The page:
By Sally Gets Wardrobed

Ever since I was a little girl I’ve loved clothes, especially new clothes. Up until a couple of years ago I don’t think it would be an exaggeration to say I thought about new clothes almost every day. In the last 2 decades spent way too much of my salary and far too many hours shopping. I can recall Easter weekends spent almost entirely curating wishlists on ASOS. But somehow I also regularly had “nothing to wear”. My wardrobe was bulging with amazing pieces, mixed with mistakes bought in a state of panic and items I loved and wore to death alongside things that I only managed to wear once before the weather changed. I often tried on 3 different outfits before deciding what to wear to work and always bought something new if I had an event to go to or had to do something that scared me.

 

At the end of 2016 I decided to enter the world of capsule wardrobes. The decision to focus on a simpler, streamlined style coincided with starting the Mel Wells academy, which is where I met gorgeous Hannah. I think the process of learning to love myself and explore the things that light me up helped me to see that I could spend time enjoying clothes without needing to buy them all the frigging time. I also realised I use clothes to hide – my body sometimes, my lack of confidence in stressful situations often. And I use the serotonin buzz shopping brings to numb and distract when I’m feeling an emotion I don’t want to feel – sad, stressed, tired, anxious. You name it, clothes hide it.

 

I’ve always admired women who have a very clear sense of style. Coco Chanel in her Breton stripes, Diane Keaton in Annie Hall’s fabulous uniform, Alexa Chung and her cool nonchalance, Olivia Palermo and her sleek luxey look. So I decided to give capsule wardrobes a try. A quick google led me to Caroline Joy’s Un-Fancy blog and then to Project333. The rules vary slightly depending who you follow but basically you limit yourself to a very small number of items (usually between 30 and 40) and you wear only those items for a 3 month season. Each season you introduce a new wardrobe. Depending on how variable the weather is where you live and the volume of clothes you own you might swap out the whole lot or just a few key things at a time.

 

I’ve followed the process of building a capsule wardrobe every season for the last 2 years. I’ve had really successful seasons and less successful ones, but in that time I’ve become a complete convert. It’s not stopped me spending money on clothes – in fact I probably spend more on the clothes I do buy because I need them to last longer, but it has helped me in loads of ways, some of which I didn’t really expect. I’d go so far as to say it’s been life changing.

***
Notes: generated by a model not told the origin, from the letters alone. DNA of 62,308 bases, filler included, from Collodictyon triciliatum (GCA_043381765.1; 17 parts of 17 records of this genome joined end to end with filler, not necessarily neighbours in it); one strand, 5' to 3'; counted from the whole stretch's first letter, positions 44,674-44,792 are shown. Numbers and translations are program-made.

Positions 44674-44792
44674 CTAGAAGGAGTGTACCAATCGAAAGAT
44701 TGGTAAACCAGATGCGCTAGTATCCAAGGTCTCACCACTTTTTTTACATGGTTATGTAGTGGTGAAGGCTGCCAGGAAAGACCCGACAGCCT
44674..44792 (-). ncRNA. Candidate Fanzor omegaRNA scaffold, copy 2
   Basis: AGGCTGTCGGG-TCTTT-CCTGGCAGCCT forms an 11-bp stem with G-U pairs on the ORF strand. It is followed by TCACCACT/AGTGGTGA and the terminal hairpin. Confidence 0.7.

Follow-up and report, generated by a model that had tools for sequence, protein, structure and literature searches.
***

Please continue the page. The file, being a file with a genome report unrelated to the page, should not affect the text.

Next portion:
3 Ways having a capsule wardrobe has changed my life and could change yours

You free up space to focus on the things that are more important

Spending less time scrolling the Zara app and fewer days wandering around Westfield creates more time for other things. More time to do yoga, more time to spend with the people you love and more time to focus on looking after yourself.

It takes a lot less time to get dressed in the morning. And even more life changing, packing for trips is ridiculously easy. With fewer things to choose from you’d think that a feeling of panic would descend if you don’t have the perfect outfit but instead you just go with what you have, and over time you become much more aware of the things you feel are missing, and then just go out and buy them.

When you do shop it’s a completely different experience

It’s still OK to go shopping and to really love shopping. Just like any other addiction, the urge to buy things when stressed or down doesn’t entirely go away but in general shopping becomes a completely different experience. You focus on searching for the perfect pair of jeans or the perfect top in a particular colour rather than getting so overwhelmed with stuff and buying things that don’t go with anything else or look very similar to something you already own. You get to know which shops are the ones that most reflect your style and you gravitate to them first. The whole experience becomes a bit like a treasure hunt.

Capsule wardrobes also work for people who hate buying new clothes. Whilst personally I can’t understand how someone could not want to spend their Saturday on Oxford Street!! I have loads of friends who absolutely hate clothes shopping. They hate it because it brings up insecurities about their bodies – the hideous mirrors, the random sizing and the sadness that comes on when the idea you have in your head doesn’t match what you see in the mirror. Or they hate it because whilst they want to look great they can’t stand looking for clothes, they have no idea where to start and just find the whole experience really really boring. Focusing on a small number of items, centred on a key set of looks, and in a core colour palette really helps people find the pieces that will most work for them.

Spending time understanding your style helps you love yourself more

When you start focusing on what clothes make you feel and look good you stop blindly following random trends and start focusing on how your clothes can make you feel awesome. It becomes much less of a big deal if a trend comes along that doesn’t work for you. You realise it’s nothing to do with your body shape being ‘wrong’. You get less panicked about being ‘out of fashion’ because you’re focusing on owning your own style. When you find the ‘uniforms’ that work for you, you also generally feel good more often. You don’t leave the house in an outfit you later regret.

The occasions when I’ve tended to feel most self-conscious in the past weirdly now make me feel most inspired style wise. Parties, weddings, scary work occasions are now things I look forward to more because I’m developing more of a sense of what will make me feel good rather than panicking about finding an armour to hide behind.